Saudi king spearheaded unprecedented social and economic reforms, and vowed to alleviate poverty.
When you supply the world with a tenth of its oil, your importance cannot be exaggerated. And that’s why the attention of the world will be on the new king of Saudi Arabia for any signs of a change in policy.
King Salman takes the reigns after King Abdullah passed away on Friday morning.
With almost $800bn in reserves, Saudi Arabia has been using its financial might to maintain its grip on the oil market, allowing prices to plunge to wipe out competition, mainly in the Texas shale fields.
Will that policy continue? That depends on whether the new king keeps oil minister Ali Al-Naimi in place.
Under King Abdullah’s rule most problems could be wished away with money. In 2008, a $400bn stimulus package was introduced as the North Atlantic financial crisis took its toll on the world economy.
Then in 2010, a $384bn five-year development package was introduced to bring down stubbornly high unemployment. And as the Arab Spring rolled across the region another $130bn dollars was spent.
Just before King Abdullah’s death, I had an email exchange with Ghassan Chehayeb, the founder and chief investment officer of Sancta Capital, about the king’s legacy. And this is what he had to say.
– King Abdullah officially assumed the throne in 2005, but has largely been seen as the de facto ruler of Saudi Arabia since the mid-1990s. In economic terms, has his rule been good for the country?
Pursuing economic reforms while maintaining fragile social order has by far been King Abdullah’s biggest challenge since coming to power in 2005. The reality is that in the aftermath of the “Arab Spring,” economic reforms took a back seat as evidenced in the successive increases in government spending since 2011. This has predominantly been on account of the mushrooming public sector wage bill and the kingdom’s funding of various political factions across the region.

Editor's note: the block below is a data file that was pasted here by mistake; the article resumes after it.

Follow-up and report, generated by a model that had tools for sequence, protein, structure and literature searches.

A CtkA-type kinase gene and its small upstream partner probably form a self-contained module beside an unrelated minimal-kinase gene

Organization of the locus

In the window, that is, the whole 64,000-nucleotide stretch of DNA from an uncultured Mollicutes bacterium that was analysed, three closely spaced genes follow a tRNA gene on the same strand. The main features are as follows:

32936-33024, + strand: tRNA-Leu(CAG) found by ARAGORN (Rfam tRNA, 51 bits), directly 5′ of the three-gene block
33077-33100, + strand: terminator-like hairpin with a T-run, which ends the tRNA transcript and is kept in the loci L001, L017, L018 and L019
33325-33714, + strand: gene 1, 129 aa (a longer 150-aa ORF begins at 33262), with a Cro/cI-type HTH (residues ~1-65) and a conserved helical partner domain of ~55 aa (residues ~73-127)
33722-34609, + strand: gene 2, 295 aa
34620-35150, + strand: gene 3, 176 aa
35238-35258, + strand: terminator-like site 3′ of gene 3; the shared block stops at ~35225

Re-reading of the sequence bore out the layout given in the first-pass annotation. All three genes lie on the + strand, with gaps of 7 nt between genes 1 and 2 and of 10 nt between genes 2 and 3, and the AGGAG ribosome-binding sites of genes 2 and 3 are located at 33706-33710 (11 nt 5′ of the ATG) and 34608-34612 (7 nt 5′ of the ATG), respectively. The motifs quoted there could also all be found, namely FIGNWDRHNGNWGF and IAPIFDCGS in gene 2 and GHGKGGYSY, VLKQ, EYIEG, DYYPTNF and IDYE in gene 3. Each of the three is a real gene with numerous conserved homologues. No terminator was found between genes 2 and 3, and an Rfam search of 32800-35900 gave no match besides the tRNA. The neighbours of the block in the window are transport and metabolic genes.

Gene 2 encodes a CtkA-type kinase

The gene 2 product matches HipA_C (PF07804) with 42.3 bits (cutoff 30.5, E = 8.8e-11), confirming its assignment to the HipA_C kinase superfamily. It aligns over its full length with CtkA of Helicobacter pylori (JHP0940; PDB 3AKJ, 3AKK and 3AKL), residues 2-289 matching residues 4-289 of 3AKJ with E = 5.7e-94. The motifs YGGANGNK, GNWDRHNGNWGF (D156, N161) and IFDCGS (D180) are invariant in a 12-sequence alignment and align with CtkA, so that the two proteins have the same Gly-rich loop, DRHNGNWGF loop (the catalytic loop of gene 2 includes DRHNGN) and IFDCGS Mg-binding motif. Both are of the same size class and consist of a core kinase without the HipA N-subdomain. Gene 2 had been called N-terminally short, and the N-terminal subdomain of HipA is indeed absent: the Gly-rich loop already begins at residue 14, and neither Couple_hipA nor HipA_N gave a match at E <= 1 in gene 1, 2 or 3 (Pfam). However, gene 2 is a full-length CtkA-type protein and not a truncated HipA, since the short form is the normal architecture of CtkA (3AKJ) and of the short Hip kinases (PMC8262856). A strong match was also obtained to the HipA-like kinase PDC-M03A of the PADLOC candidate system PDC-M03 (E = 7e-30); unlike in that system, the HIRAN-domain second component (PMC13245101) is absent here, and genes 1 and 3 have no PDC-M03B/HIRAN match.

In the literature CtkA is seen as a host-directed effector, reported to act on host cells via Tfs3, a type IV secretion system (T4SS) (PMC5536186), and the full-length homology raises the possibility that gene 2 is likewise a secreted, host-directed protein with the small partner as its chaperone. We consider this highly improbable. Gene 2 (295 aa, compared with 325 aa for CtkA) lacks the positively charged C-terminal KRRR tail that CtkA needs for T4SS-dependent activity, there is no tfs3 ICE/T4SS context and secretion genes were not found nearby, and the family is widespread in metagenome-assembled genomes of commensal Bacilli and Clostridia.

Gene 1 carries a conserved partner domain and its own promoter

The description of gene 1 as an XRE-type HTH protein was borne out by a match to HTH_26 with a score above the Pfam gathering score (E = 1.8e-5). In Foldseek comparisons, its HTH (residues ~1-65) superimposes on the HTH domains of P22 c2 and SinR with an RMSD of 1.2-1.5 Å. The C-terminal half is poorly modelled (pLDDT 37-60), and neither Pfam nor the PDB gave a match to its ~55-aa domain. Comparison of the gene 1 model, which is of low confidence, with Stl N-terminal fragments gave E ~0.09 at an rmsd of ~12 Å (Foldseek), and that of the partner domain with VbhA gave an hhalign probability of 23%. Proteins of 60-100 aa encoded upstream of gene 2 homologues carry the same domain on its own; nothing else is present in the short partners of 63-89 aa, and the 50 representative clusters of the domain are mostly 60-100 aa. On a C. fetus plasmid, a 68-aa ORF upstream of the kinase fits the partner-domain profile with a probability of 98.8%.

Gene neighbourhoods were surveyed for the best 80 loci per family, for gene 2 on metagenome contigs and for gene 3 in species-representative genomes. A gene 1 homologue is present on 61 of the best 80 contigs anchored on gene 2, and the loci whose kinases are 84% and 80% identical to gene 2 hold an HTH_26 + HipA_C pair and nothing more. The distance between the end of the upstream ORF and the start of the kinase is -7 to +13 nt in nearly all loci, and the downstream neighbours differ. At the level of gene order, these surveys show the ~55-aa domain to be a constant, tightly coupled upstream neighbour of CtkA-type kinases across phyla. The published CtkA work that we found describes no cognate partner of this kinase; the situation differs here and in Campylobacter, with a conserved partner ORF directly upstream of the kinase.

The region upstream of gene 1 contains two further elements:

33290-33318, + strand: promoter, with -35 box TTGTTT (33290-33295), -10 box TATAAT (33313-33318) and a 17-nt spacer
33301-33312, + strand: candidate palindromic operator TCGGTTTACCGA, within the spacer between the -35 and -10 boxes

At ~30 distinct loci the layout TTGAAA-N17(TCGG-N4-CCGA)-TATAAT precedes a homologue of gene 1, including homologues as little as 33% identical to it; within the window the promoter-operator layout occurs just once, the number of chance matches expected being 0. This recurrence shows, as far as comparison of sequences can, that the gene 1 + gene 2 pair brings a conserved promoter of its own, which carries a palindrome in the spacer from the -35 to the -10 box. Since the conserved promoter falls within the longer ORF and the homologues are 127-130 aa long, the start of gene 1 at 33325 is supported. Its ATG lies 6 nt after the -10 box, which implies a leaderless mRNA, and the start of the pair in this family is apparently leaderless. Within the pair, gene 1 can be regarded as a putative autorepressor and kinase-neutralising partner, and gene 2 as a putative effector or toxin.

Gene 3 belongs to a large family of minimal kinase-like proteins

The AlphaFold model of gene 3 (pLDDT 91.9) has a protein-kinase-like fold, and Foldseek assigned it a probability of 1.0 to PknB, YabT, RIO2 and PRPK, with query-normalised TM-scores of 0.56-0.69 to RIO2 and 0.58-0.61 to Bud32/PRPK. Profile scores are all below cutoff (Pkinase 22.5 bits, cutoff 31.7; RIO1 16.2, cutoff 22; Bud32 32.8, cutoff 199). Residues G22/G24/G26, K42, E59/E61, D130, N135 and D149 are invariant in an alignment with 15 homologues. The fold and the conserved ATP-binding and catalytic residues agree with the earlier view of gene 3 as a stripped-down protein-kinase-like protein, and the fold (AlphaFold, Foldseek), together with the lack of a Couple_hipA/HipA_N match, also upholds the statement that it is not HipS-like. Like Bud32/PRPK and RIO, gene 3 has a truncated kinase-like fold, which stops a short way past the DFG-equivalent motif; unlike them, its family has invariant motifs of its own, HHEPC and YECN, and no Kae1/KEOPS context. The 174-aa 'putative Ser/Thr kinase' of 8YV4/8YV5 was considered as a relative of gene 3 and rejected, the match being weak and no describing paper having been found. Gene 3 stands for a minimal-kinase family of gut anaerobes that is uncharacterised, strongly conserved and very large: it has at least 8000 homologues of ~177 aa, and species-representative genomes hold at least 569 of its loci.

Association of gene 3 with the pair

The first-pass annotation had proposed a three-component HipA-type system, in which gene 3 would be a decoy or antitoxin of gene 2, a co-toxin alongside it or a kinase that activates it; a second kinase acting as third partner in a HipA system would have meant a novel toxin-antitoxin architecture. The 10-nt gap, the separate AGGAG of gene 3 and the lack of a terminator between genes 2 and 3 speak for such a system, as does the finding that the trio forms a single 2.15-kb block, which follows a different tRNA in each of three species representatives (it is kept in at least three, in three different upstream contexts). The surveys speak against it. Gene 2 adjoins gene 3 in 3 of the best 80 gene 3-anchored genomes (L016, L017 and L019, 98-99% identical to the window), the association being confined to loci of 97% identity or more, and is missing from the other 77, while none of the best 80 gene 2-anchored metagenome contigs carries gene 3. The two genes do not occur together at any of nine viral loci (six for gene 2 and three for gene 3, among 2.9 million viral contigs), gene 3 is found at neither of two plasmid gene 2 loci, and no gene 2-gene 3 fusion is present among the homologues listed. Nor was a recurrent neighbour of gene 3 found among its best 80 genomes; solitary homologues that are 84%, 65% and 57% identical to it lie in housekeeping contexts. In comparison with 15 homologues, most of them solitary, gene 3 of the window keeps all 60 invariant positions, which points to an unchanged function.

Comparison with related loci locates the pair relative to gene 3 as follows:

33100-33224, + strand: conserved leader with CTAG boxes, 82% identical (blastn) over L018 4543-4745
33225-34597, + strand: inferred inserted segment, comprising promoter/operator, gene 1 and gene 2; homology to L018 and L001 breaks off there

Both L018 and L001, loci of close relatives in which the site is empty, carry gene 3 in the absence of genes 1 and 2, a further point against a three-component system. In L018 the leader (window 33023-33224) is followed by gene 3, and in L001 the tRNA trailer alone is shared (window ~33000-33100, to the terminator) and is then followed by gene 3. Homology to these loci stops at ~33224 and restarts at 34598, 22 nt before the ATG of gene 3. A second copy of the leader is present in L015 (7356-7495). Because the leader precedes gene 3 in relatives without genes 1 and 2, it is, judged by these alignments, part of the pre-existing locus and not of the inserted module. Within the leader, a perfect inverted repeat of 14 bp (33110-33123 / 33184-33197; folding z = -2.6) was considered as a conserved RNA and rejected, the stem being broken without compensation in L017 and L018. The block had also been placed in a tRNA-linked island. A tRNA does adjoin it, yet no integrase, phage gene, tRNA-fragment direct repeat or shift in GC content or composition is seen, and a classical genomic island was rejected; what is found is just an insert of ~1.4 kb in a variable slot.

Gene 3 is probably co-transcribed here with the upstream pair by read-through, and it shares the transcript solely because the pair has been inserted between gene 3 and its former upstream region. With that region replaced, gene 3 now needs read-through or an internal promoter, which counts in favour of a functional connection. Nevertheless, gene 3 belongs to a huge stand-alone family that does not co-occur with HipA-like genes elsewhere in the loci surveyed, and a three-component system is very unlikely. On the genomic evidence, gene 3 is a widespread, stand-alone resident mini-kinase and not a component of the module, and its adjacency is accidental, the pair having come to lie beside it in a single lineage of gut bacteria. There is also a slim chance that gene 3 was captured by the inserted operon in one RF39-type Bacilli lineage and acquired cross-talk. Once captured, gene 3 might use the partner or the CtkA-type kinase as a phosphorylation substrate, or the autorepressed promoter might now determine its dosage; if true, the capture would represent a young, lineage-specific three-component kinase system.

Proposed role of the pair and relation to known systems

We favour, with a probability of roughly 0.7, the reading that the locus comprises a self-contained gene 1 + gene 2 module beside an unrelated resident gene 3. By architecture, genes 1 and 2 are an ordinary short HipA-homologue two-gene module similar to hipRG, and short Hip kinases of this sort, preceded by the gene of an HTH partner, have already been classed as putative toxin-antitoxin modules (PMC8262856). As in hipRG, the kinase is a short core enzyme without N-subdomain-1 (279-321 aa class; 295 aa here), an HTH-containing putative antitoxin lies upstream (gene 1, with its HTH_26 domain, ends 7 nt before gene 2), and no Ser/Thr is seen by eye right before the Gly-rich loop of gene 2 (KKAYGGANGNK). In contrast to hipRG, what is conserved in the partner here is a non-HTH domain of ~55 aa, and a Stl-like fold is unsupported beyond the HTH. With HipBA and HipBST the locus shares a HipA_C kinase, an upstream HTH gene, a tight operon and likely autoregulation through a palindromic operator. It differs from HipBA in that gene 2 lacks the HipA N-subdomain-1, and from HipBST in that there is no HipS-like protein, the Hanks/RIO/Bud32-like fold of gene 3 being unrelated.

The focus of the authorities in recent years has been on the labour market where some radical initiatives aimed at increasing Saudi participation in the private sector have been implemented. These measures were successful in reducing unemployment and broadening the opportunities available to the kindgdom’s fast-growing population – more than half of whom are under 25 – but have unfortunately yielded a decline in labour productivity. To be able to see the value of these initiatives, the government must couple labour reforms with educational reforms, and in there lies one herculean task. The vested interests in the education sector have thus far resulted in very little progress on that front, and it is very difficult to see how that could change in the near term.
– Has the country been able to expand its economy beyond oil?
Genuine attempts are being made to grow and diversify the Saudi economy beyond oil. For instance, incentives were put in place to increase private sector participation yielding very positive results in the power generation and telecommunications sectors. The kingdom, at the behest of King Abdullah, acceded to the World Trade Organisation which has since markedly increased foreign direct investment.
Having said that, there are several socioeconomic and geopolitical factors pulling in opposing directions that have resulted in little material progress on the ground. The numbers speak volumes – the petroleum sector today accounts for roughly 90 percent of budget revenues, 90 percent of export earnings, and 55 percent of GDP.
– What next under the Crown Prince Salman?
Investors draw a great deal of comfort from the appointment of Prince Salman as first in line and Prince Muqrin as second in line, which definitely creates a sense of continuity in leadership for the foreseeable future, and hopefully further reforms albeit at a slow and measured pace.